A less common injury, but absolutely devastating for a professional golfer, is an injury to the triangular fibrocartilage complex (TFCC) of the wrist (usually of the lead arm). One possible reason this may occur is due to the swing characteristic called ‘early extension’. In this instance, as the player moves through the downswing towards impact, instead of maintaining a stable pelvis, the player begins to extend both hips (and pushes the pelvis forwards closer towards the ball, away from the red line as seen in the accompanying photograph). As a consequence of this, in order to keep the clubhead on swing plane to make contact with the ball, the player has to make a compensatory movement, such as excessive ulnar deviation at the wrists. This overloading of the wrists may cause a TFCC injury

The Team 

the team

Whether in rehabilitation from injury, working on swing mechanics or overall fitness, team-work and the multidisciplinary approach are central to the players’ performance. Good communication between the medical team and the golf coach is essential and it is important that the medical team can speak and understand the language of golf terminology, both when liaising with the coach and when imparting advice or diagnostics to the player. For elites and amateurs alike, in assessing a player with a variety of golf specific screens and other standard musculoskeletal/orthopaedic tests, the findings must always relate back to how it affects the golf swing. And more importantly, the success or failure of any corrective intervention will coalesce around ‘player buy-in’ and how clearly the interventions are linked to performance improvement with obvious specificity to the golf swing or on-course performance.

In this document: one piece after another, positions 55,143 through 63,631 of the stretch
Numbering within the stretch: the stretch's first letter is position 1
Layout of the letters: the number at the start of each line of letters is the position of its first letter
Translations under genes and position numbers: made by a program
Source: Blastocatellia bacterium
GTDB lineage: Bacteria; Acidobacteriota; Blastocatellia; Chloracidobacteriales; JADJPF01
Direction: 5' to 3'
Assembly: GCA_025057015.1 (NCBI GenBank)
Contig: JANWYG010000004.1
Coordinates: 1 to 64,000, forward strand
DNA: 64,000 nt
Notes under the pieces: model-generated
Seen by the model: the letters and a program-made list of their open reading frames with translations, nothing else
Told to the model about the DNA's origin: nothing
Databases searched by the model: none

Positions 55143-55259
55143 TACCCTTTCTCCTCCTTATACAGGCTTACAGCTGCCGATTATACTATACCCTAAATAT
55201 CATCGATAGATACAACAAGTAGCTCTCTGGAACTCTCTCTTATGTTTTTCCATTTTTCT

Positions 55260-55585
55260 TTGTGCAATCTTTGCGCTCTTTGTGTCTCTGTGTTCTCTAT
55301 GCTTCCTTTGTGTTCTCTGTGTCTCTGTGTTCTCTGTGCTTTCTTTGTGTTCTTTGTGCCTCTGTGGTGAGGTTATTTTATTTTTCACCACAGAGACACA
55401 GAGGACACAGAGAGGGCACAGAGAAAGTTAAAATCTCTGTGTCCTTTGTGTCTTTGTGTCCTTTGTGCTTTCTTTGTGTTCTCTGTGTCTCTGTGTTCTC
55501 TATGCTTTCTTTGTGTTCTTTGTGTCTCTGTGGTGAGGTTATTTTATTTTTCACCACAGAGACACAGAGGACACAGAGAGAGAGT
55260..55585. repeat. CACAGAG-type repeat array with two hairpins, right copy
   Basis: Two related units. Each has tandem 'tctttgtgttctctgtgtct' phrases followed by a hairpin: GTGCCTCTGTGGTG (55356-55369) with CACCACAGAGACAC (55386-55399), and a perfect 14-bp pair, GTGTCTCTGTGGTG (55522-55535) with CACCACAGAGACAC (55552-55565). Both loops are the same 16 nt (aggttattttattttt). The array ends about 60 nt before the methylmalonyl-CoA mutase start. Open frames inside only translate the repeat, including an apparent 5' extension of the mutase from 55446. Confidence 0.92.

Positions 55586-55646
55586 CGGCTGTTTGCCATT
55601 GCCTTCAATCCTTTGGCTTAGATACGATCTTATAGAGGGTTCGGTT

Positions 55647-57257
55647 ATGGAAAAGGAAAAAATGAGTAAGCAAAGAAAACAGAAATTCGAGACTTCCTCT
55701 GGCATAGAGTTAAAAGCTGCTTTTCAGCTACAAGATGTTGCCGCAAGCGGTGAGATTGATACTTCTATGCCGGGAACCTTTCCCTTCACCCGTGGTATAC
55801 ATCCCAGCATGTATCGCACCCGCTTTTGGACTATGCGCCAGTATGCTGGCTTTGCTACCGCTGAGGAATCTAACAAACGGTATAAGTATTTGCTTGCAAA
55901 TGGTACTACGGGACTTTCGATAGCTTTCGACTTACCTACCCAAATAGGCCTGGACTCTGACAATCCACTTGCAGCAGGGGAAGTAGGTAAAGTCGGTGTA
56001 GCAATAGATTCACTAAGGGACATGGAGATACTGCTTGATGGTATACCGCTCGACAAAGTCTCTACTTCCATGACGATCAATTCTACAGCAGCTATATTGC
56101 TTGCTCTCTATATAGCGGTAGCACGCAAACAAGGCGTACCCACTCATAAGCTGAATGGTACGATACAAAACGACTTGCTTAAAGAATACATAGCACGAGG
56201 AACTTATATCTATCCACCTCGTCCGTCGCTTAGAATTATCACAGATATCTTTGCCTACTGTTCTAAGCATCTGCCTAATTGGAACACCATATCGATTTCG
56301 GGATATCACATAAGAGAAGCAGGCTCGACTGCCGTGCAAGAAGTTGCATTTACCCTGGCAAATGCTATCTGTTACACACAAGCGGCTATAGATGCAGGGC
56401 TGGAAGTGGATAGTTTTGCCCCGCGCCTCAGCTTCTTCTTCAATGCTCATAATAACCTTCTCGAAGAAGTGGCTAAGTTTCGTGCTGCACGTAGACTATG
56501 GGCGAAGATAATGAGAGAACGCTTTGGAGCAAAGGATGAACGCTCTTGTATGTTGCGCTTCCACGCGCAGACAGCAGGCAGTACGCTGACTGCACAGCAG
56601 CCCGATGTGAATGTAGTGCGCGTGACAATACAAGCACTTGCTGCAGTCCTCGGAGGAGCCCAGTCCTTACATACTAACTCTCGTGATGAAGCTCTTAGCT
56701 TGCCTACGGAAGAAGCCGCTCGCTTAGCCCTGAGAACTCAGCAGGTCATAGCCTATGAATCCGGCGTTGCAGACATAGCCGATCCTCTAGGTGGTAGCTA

One of our interesting cases over the past year related to the South African player Anton Haig. Anton is a multiple winner on tour, with his most notable victory coming at the 2007 Johnnie Walker Classic as a precocious 21 year old. However, due to a debilitating neck injury sustained in 2011, Anton retired from professional golf aged 25. In 2012, he set about making a comeback and as part of his coaching team, we were involved in modifying his swing and changing his physicality to ameliorate the effects of the neck injury. It has been a fascinating challenge helping guide Anton back from retirement, culminating with him securing his Asian tour card for 2013.

Final Thoughts

Golf is an explosive sport with tremendous club head speeds that can stress the body in myriad ways. Consistency in timing and sequencing is fundamental for consistency in scoring and accuracy. A variety of injuries can be the cause and effect of poor swing mechanics but a coaching team with physiotherapists with golf specific understanding can complement a player’s development and longevity. The concept of golf fitness and being fit for golf is an idea that is increasingly permeating through the ranks of the hackers, amateurs and elites. Employing the use of a coach or physiotherapist is not for everyone of course, but for those with ambitions to improve performance (whether it is to get a handicap into single figures or more lofty tour ambitions), a multidisciplinary coaching team can make a significant difference.